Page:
Sample Resume Objectives: Read, Dont Copy

The resume objective statement is typically something that trips people up.

Confronted by the silent challenge of the blank page, most folks Google for "sample resume objectives". They hope that'll help.

Probably not.

I say that because sample resume objectives often are like sample resumes, or sample cover letters, or sample anything. They're samples. They aren't exactly what you need. They're fine for generating ideas, I suppose, but they come with a temptation.

Remember that apple affair in Eden? Well, the serpent made an attractive offer, and swept the downside under the rug. Adam and Eve went along. It seemed okay at the time.

The temptation with sample resume objectives is to copy them. You know, copy and paste? That's not necessarily evil, but it's often a lazy way out. Nobody will ever know, right? Maybe, maybe not.

Maybe nobody has ever said this to you before exactly this way, but you need to hear it. Your resume needs to be all yours. It's fine to get ideas from samples, but it's unwise to copy them.

The way I describe this to people is that your resume needs to talk like you do.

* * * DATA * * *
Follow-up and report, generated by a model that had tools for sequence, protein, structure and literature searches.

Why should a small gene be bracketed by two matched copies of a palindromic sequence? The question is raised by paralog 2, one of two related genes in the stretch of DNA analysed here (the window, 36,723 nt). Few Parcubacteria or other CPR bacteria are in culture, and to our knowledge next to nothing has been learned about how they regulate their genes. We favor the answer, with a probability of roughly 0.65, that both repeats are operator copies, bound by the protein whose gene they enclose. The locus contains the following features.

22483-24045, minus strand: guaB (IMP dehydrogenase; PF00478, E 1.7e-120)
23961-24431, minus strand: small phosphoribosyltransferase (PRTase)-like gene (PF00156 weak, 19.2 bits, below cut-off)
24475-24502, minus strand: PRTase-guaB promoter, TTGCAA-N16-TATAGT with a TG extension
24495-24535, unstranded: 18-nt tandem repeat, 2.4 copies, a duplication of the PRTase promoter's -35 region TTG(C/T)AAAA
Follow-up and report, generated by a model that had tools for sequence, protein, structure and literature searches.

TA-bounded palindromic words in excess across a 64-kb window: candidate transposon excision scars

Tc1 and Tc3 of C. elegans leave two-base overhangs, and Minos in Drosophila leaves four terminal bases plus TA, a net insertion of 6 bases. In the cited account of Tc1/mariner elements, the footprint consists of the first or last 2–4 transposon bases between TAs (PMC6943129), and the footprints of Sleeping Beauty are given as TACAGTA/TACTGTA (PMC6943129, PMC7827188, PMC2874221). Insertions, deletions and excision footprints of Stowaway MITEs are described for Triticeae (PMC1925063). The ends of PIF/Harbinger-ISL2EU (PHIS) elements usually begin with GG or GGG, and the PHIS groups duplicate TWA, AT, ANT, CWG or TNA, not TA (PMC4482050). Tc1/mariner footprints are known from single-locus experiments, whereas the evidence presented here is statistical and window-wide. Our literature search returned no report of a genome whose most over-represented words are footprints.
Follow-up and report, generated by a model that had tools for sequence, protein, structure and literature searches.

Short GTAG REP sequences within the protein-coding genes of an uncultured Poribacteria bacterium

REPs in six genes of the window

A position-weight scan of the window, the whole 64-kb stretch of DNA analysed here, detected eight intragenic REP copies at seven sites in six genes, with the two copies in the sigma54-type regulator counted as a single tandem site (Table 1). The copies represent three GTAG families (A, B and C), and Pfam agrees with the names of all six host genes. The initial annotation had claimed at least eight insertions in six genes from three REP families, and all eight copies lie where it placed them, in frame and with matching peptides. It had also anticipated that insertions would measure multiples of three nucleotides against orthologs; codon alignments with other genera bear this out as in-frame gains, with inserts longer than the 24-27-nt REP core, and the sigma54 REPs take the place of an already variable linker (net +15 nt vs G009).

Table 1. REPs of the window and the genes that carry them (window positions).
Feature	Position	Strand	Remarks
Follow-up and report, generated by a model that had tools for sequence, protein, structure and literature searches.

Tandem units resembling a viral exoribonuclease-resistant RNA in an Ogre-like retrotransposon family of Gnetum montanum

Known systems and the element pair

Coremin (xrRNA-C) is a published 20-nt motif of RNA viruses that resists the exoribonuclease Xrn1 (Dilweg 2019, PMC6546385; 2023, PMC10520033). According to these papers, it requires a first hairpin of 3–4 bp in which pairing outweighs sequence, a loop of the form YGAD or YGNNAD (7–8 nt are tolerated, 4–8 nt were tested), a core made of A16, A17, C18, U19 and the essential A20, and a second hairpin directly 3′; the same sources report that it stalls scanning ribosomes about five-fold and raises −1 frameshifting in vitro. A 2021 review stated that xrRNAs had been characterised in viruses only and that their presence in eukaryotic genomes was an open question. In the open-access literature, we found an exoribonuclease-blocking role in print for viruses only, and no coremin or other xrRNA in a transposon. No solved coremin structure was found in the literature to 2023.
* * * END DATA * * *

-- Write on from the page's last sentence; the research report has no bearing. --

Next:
By all means, put your best foot forward. A resume isn't supposed to be conversational. It's supposed to be professional. It'll be at least a little more polished than the typical lunchroom chat.

But if you don't use the word "conceptualized" in normal speech, and you can't define it off the top of your head, you probably don't want it on your resume.

The same goes for sample resume objectives.

If you copy and paste a sample resume objective (or work experience, or qualifications, or anything), at least make sure you know what all the words mean. Maybe change the order of the points in there. Replace words you don't know with equally good ones you do. Learn to love your thesaurus (but don't go for weird words).

In other words, own your objective.

Remember, your resume should be selling you, not some mythical person writing checks your real-life performance can't cash. Don't set yourself up for failure.

(c) Copyright 2005 by Roy Miller

An article by Roy Miller, creator of A quick, successful job search is about more than copying sample resume objectives. Go here to find a simple technique to analyze any sample resume objective you find online: Sample Resume Objectives -- Stick With The Good Stuff. And if you liked this article, be sure to sign up for Roy's free weekly newsletter.

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